Tuesday, June 28, 2011

Zais may forfeit $144 million in jobs funding

Has anyone from Governor Nikki Haley's office been in communication with Superintendent Mick Zais recently? I ask because Haley ran on a platform of "Less Talk, More Jobs," and Zais seems to be pushing "Fewer Jobs, More Talk."

The Greenville News explains:

Leaders of two of the state's largest public education associations lashed out at state Superintendent of Education Mick Zais on Monday for turning down the chance to win a grant of up to $50 million in federal Race to the Top money, even as the state's efforts have languished in attempting to claim its share of nearly $144 million in federal money to save teaching jobs.

All 49 other states received their portion of the $10 billion teaching jobs grant.

Zais, a former brigadier general now in his sixth month as leader of the state's K-12 education agency, decided against applying for the Race to the Top money, one of President Obama's key education initiatives, saying he opposes “federal intrusion” as a means of improving the quality of schools.

Leaders of the South Carolina School Boards Association and the South Carolina Association of School Administrators went on the offensive Monday, joining the state Board of Education in calling for Zais to reconsider his decision not to compete in Race to the Top.

“We are willing to support the state superintendent and the leadership to improve education,” said Molly Spearman, executive director of the School Boards Association. “But we really feel that some very bad decisions are being made without input from the folks who are on the ground working in these districts.”

J.W. Ragley, a spokesman for Zais, said the Republican state superintendent is living up to his campaign promise in not seeking the grants, which he said come with strings attached.

“Dr. Zais took a clear position as a candidate for public office. He did not support Washington's Race to the Top program because it provided one-time money for recurring expenses, which is the definition of an unfunded mandate,” Ragley said. “His position has not changed since assuming office in January.

“What message is the education establishment sending to students by demanding Dr. Zais change his position regarding Race to the Top? It's acceptable to break your word?”

To put a fine point on it, Mr. Ragley, yes. It is a sign of intelligence to evaluate conditions and make decisions based on new conditions or new information, even if those decisions oppose an earlier-held viewpoint.

And it is certainly a sign of foolishness, if not wanton malice or stupidity, to hold to a viewpoint despite new information or changing conditions merely because you once held the viewpoint. Presumably, you once ate baby food from jars because that's what you liked. Presumably, you once wore diapers because it was the best of several unattractive options. Do you still eat baby food from jars and wear diapers? If not, why not? Is it because, perhaps, conditions changed and you made different decisions based on new information? If that is the case, then surely you're capable of learning, growing, and even changing your position.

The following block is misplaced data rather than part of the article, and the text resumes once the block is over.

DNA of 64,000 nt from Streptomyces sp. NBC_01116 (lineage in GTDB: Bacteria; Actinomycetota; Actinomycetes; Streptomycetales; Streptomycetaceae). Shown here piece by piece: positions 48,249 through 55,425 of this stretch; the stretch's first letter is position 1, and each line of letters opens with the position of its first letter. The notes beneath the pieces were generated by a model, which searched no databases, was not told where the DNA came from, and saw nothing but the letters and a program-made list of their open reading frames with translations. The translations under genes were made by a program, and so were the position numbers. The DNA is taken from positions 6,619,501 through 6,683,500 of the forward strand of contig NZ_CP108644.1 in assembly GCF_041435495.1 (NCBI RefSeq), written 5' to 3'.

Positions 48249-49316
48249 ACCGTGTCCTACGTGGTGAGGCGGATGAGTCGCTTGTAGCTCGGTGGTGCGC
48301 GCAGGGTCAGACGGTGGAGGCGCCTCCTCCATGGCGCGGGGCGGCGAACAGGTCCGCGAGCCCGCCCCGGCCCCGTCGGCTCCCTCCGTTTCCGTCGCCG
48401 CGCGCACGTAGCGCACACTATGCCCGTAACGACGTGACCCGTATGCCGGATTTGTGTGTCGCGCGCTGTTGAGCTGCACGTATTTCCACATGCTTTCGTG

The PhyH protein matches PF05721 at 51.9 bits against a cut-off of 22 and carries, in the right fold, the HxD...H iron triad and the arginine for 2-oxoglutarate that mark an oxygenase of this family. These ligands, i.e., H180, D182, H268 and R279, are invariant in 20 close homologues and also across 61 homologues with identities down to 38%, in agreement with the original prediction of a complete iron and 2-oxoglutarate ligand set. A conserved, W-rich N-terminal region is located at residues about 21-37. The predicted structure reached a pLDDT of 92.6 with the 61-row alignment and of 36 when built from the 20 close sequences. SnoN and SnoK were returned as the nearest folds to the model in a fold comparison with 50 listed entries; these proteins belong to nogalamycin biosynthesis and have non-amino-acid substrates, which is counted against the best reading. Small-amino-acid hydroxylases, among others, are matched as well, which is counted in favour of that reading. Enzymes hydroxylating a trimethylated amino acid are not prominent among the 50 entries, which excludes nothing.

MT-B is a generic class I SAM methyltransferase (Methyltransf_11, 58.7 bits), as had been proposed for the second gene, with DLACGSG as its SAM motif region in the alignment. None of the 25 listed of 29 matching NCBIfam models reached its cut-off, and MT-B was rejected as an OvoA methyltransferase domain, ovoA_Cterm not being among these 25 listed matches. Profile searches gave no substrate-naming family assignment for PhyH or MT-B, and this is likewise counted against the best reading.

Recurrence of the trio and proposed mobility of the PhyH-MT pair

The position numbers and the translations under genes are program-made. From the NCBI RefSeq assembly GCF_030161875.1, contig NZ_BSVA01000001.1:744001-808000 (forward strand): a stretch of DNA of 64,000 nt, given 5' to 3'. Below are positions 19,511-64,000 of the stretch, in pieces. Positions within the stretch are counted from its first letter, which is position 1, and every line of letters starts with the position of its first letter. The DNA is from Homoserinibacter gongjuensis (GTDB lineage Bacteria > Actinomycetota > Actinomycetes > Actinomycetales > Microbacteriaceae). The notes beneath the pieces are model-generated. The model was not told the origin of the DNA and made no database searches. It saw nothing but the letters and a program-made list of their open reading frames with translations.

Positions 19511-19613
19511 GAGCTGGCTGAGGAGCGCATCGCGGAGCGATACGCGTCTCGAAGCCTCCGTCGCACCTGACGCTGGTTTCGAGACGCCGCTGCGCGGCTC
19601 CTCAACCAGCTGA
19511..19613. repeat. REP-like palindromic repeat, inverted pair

This is one more example that elections have consequences, and that elevating unqualified candidates with no previous electoral experience to high office is the sort of criminally tragic act that keeps South Carolina trapped in a time-warped cage of its own making. Hiring inexperienced political lackeys to deliver the daily pap is another.

The separate issue of the missed opportunity for $144 million for teaching jobs goes back to the previous administration.

South Carolina didn't qualify for its share of the money because the law says states must not have reduced their proportionate level of funding for both K-12 and higher education over the two years when they were receiving stabilization funds from the federal government.

That ensures states don't simply slash state spending when they see federal money coming and instead use the federal money to accomplish the grant's purpose of saving jobs.

Although South Carolina's budget was reduced from $6 billion in 2009-10 to $5.8 billion this year, the percentage of the budget that was spent on K-12 schools went up, from 39.7 percent to 43.3 percent. But the percentage spent on higher education fell, from 9.2 percent to 7.3 percent, according to figures from the state Education Department.

In the previous round of stabilization money, the formula allowed states to calculate their spending percentages on the total of K-12 and higher education — which would qualify South Carolina for this grant. The total percentage of the budget spent on education rose from 49.8 percent to 50.7 percent over those two years.

When the issue arose last August, Zais' predecessor, Democrat Jim Rex, had tried to get Congress to tweak the law so the state didn't lose out on the money, which would pay for an estimated 2,600 teaching jobs. But that hadn't been done by the time Rex lost his re-election bid to Zais in November.

If the money isn't sent to South Carolina by Sept. 30, it will go back to the federal treasury.The two education associations are urging the state congressional delegation to seek an amendment or a special “bypass” law, similar to what was done in Texas, to get the money.

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